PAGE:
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Klaassen (2014 Congress)

Frank Klaassen
(University of Saskatchewan)
“The Visual Trappings of Magic:  McGill University, Special Collections, MCG 117”

Abstract of Paper Presented at the 49th International Congress on Medieval Studies (Kalamazoo, May 2014)
Session on “Visualizing Learned Magic and Popular Magic through Talismans, Images, and Objects”
Co-sponsored by the Societas Magica and the Research Group on Manuscript Evidence
Organized by David Porreca (University of Waterloo)
2014 Congress Accomplished

[First published on our first website on 19 March 2014]

McGill MSG 177 was written by Fabian Humfrey in 1576.  By that time he must have been a man of mature years as he had joined the merchant’s guild in Oxford in 1550.  The modern cataloguer of the manuscript presumed the contents to be magic, due to its curious figures and the fact that most of its 400 folios are written in cipher.  In fact, since the overwhelming majority of its pages and figures contain prayers and religious formulae, one might reasonably assume it to be a relative of the Ars notoria.  Instead, the work is a complex but straightforward work of affective piety and betrays no overtly Roman inclinations that might explain the cipher.  So the work remains curious.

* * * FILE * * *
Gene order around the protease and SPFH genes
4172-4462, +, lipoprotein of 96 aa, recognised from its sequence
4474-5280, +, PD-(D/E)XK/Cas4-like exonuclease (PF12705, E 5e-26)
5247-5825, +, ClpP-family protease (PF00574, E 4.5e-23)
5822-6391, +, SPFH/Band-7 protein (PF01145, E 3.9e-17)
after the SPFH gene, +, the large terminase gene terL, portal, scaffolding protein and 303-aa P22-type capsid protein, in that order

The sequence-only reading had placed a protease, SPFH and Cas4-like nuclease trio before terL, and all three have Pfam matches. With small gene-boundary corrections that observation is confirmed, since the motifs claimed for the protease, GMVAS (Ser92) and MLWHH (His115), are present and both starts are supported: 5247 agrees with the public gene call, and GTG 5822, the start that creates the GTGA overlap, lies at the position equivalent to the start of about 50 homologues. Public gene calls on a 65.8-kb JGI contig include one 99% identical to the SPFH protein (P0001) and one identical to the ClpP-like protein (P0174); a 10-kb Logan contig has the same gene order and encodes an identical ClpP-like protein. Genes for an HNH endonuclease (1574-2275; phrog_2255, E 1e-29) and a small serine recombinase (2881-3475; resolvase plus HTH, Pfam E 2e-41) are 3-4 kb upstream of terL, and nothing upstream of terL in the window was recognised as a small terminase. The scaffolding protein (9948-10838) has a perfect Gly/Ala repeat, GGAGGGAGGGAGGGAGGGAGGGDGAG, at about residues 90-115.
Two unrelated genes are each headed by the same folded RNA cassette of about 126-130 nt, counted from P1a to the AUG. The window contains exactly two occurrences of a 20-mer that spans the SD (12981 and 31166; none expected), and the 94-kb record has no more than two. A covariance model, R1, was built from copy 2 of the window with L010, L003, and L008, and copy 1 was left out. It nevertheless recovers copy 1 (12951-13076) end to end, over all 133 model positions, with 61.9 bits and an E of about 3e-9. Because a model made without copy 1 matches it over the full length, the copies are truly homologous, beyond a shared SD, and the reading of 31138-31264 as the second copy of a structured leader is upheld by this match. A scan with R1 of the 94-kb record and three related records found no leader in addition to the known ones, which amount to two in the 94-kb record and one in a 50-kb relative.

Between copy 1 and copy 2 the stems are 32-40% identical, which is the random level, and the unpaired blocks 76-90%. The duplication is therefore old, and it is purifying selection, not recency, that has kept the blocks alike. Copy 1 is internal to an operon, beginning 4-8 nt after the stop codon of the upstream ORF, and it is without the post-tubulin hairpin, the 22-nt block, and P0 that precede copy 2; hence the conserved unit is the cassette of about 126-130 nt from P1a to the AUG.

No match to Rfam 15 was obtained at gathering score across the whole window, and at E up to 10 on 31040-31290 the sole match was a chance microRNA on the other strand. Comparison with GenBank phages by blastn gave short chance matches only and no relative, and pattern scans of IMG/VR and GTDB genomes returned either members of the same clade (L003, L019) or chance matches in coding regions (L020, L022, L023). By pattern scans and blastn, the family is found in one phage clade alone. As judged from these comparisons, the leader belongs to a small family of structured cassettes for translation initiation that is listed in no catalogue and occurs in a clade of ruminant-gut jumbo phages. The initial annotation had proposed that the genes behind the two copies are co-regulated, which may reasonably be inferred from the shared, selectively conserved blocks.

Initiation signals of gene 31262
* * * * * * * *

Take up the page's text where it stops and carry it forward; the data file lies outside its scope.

I will describe the text, the appearance of the manuscript, and the ciphers and relate these to similar examples in the tradition of ritual magic.  I will also attempt to locate the text within the traditions of late medieval devotion as well as within the shifting religious world of Elizabethan England.  Finally, I will try to puzzle out why Humfrey took such trouble to write it all in cypher.

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  1. […] Frank Klaasen (Department of History, University of Sasketchewan), “The Visual Trappings of Magic:  McGill University, Special Collections, MCG 117″ Abstract / Klaassen (2014 Congress) […]